Advertisement

« Two tasks highly eff... | Main | What can a care team... »

Thursday Nov 14, 2019

Five ways to orbit the "hairball" of red tape and regulations

In Gordon MacKenzie’s 1996 book Orbiting the Giant Hairball: A Corporate Fool’s Guide to Surviving With Grace, the “hairball” refers to ever-increasing rules and red tape that can entrap both leaders and employees in an organization. The hairball is never untangled. It only grows.

Health care consultant Jack Valancy name-checked the book in a 2007 FPM column on HIPAA and all the rules it spurred health systems to create, depending on their various interpretations of the law. His advice to physicians is still apropos. Physicians should resist being pulled into the hairball, “immersing themselves in the minutiae of policies, procedures, processes, surveys, statistics, and methodologies that consume 33 cents of each dollar Americans spend on health care and obscure their organization's higher purpose.” Instead, physicians should orbit it.

Within your organizational boundaries, try to find new, invigorating, and satisfying ways to practice medicine. Here are some ideas.

1.    Try open-access scheduling, group visits, or other ways to improve access.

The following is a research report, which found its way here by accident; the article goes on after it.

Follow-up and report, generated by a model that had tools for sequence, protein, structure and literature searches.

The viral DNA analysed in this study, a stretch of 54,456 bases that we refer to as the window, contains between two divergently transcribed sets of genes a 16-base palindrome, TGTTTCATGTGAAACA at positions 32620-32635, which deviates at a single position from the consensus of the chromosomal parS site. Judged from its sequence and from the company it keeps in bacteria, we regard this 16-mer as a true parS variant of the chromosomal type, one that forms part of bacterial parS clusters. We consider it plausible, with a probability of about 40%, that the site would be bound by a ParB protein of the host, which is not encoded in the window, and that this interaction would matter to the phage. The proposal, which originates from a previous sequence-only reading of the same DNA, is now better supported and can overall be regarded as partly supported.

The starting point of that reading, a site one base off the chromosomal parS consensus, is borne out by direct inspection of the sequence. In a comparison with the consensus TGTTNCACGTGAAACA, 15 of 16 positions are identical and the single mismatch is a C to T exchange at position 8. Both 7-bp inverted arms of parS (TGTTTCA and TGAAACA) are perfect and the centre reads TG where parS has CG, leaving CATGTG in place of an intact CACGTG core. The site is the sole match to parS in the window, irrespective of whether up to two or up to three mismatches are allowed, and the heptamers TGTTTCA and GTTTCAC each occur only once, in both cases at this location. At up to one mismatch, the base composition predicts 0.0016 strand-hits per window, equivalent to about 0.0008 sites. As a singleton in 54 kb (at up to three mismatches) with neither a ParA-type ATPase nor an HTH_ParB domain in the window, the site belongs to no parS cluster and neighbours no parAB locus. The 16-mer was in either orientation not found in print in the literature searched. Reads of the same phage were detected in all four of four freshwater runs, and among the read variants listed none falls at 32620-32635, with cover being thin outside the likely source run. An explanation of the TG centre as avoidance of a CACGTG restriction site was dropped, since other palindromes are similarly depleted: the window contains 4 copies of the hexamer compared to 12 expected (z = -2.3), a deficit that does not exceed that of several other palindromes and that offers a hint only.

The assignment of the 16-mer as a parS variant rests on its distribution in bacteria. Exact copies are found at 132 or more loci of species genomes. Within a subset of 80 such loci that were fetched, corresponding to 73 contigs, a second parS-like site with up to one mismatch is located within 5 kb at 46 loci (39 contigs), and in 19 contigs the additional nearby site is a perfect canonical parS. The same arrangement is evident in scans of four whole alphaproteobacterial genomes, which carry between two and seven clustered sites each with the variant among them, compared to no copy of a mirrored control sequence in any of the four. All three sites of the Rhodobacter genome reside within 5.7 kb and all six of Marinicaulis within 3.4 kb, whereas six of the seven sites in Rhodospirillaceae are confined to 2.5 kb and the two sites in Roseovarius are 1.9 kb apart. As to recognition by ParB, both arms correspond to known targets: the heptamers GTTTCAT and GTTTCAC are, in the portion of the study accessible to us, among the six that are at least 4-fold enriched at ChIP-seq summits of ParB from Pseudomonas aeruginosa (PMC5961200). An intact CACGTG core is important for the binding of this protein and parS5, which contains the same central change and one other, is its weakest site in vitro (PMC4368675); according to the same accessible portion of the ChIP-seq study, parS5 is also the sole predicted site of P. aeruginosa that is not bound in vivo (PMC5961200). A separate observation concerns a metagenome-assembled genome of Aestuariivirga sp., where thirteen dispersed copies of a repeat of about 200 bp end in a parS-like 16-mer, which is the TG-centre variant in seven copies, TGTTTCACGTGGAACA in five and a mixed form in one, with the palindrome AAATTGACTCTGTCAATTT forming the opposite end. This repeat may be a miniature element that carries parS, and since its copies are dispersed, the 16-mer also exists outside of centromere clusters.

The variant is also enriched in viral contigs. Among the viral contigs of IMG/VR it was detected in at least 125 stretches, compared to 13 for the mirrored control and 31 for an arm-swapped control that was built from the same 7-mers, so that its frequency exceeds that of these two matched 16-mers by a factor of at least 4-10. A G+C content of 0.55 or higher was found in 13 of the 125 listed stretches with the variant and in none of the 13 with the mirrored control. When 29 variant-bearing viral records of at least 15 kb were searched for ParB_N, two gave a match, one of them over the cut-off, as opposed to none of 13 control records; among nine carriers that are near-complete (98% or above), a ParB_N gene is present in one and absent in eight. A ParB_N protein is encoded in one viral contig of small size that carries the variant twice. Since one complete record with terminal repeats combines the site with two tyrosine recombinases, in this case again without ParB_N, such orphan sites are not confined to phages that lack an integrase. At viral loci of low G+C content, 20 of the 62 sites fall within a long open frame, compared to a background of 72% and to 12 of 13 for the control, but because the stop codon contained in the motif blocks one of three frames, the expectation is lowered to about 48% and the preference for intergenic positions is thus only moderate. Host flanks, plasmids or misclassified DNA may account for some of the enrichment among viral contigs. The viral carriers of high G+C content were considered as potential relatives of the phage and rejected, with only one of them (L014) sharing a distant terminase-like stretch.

2.    Use email (or electronic health record portals) to communicate with patients.

3.    Offer services not covered by patients’ insurance, for a fee.

4.    Insist on communicating across departmental lines rather than indirectly.

5.    Start an incentive plan that rewards group success.


Read the full FPM article: “Health Care’s Giant Hairball.”

Insightful, quick-read tips delivered straight to your inbox

Sign up to receive FPM's free, weekly e-newsletter, "Quick Tips & Insights," filled with practical, peer-reviewed advice you can put to work right now to improve patient care, streamline your day, get properly reimbursed, and improve career satisfaction.


Posted at 08:00PM Nov 14, 2019 by FPM Editors

« Two tasks highly eff... | Main | What can a care team... »


CURRENT ISSUE

RECENT POSTS

SEARCH THIS BLOG


TOPICS

DISCLAIMER

The views expressed here do not necessarily reflect the opinions of the AAFP. All comments are moderated and will be removed if they violate our Terms of Use.

FEEDS